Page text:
Latest News Editor's Choice

Opinion / Columnist

Goodbye Rose of Matabeleland! You now belong to heaven and the stars spell out your name!

02 Mar 2019 at 18:47hrs | Views
Goodbye rose of Matabeleland! Today is your burial

I was blessed with your life on this earth. I was blessed with the friendship we shared together as young growing up girls, young women, mothers and comradeship in the struggle for independence of Zimbabwe. In playing together, laughing together, sharing together anything and everything that we had: sharing that deep love that decent mankind upholds: that love and adoration of one another cannot be bought by any gold worthy pieces. Indeed your presence in my life is ineffaceable forever. I can say with a painful heart: Sibare: Goodbye the rose of Bulawayo. It is wholly challenging to me to say I celebrate your passing: How do I celebrate this? My greatest consolation is that you now belong to heaven and the stars spell out your name: Soneni Ngwenya-Matiwaza.

I realize now how blessed I was to have you in my life at that early age. My near companionship with you made me realize the importance of life and education. My eagerness to go back to school was enriched by my social interaction with you at that tender age. Soneni you were a no-nonsense girl, those were the values and principles I embraced as standard. You never realized in your life time how much of a star you presented to me to emulate from you those noblest ambitions: education as the key to success. I took this on board and am what I am today because of your gentle embrace, personal and emotional influence over my personal and academic development. I thank you very much for this dear Sibare.

I remember the scripture union camp fires I was part of at your recommendations to my mother and Mpopoma Secondary School Christian Club: those bible verses that taught us what was good and bad. You initiated that for me to be part of it: what a blessing. I woke up from a school dropout nonentity to an academic because you set the bar measurement for me and I realized it. You never said it loud but your actions and gentle push and pull made me realize those noble goals of education first. I cannot even try to comprehend our disparaging social mobility differences, but you saw in me as a friend and you accepted me as I was: what a blessing! It is only now at your death I begin to appreciate your invaluable and indispensable rich friendship. What a blessing!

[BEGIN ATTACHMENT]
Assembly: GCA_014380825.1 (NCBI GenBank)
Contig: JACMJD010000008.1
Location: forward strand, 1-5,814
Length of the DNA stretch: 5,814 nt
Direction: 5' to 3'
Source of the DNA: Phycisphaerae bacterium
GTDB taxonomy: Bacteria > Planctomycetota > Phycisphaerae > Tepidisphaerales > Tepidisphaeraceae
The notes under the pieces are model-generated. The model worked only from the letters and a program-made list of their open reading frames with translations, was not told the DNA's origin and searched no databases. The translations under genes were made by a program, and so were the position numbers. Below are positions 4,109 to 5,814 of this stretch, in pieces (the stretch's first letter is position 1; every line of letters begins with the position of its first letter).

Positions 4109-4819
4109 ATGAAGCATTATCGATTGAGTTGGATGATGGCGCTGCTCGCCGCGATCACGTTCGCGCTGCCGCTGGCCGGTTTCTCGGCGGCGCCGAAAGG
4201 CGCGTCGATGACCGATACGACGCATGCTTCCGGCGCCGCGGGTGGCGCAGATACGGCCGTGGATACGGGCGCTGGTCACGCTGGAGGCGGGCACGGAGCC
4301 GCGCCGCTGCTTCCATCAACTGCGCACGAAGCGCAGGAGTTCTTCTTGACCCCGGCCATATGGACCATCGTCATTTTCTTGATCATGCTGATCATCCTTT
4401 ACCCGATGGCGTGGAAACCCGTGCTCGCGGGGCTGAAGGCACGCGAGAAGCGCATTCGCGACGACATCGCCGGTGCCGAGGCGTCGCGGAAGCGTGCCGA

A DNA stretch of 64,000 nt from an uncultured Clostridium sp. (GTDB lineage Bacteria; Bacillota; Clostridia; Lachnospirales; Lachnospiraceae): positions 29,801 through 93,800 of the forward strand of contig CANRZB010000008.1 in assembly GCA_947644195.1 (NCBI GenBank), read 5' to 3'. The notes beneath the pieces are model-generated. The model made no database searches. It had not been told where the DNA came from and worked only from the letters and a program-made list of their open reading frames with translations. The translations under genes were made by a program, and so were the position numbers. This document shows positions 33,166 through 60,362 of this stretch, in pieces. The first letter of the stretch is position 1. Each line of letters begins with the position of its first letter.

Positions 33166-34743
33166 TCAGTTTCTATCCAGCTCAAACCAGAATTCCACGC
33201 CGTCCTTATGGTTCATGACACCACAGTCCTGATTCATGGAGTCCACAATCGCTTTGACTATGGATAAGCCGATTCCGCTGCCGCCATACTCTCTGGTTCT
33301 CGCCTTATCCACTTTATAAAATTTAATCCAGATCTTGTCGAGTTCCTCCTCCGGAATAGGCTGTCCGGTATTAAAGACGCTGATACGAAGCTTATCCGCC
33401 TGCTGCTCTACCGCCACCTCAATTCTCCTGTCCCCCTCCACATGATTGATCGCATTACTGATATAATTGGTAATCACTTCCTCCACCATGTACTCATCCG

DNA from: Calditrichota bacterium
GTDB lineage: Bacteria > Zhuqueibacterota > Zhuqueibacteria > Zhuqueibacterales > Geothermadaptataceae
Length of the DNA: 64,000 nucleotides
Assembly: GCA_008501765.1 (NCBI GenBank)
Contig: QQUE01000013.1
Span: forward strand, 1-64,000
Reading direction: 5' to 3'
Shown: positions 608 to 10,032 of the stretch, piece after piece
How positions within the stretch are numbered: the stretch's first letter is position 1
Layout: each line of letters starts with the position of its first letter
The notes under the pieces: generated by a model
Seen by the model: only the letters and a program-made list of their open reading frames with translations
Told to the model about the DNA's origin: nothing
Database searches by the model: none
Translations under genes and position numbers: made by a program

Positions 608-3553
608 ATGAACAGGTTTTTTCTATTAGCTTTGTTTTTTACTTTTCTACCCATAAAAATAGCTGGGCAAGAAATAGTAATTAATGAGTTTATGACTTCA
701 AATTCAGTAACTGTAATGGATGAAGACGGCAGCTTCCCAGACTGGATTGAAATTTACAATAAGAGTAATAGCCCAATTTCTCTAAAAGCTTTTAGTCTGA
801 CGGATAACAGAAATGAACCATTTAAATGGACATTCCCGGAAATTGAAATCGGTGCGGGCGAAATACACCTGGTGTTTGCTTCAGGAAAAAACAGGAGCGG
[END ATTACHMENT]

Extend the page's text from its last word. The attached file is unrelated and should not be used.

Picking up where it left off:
I now can recall the beautiful lives we lived full of innocence we had at Tshabalala Township. It was a life full of joy and dreams, we dreamt because we were growing up girls. Is it not a wonder that all that we dreamt of, some of it came to fruition? On my part, when I think about happy childhood, it is that time we shared in Tshabalala before we separated, you went to train to be a teacher at United College of Education, and I left Rhodesia and went to Zambia to do secondary education much later in my life. We both needed to cross the River Zambezi did our lives get a roundabout turn: our personal values and principles we upheld high were immensely challenged.  

What I will remember most is the bread and sugar you bought me when I was at boarding school: Roma Secondary School in Lusaka - Zambia. We broke bread together to symbolize the friendship we shared for so long. This act of breaking bread was to me the punctuation of our deep and undying friendship: (when I think of it now) In Zambia we indeed found ourselves in most challenging and excruciation circumstances. But because our future goals were set long before we arrived in Zambia Lusaka, we were convinced that those life challenges will come to pass: those were vicissitudes in life we had to go through and overcome. It is only now that I realize the notion of "breaking bread" together: be it in the Christian sense or any other religious belief. I wonder still if both realized the symbol of such noble act when we did it back then.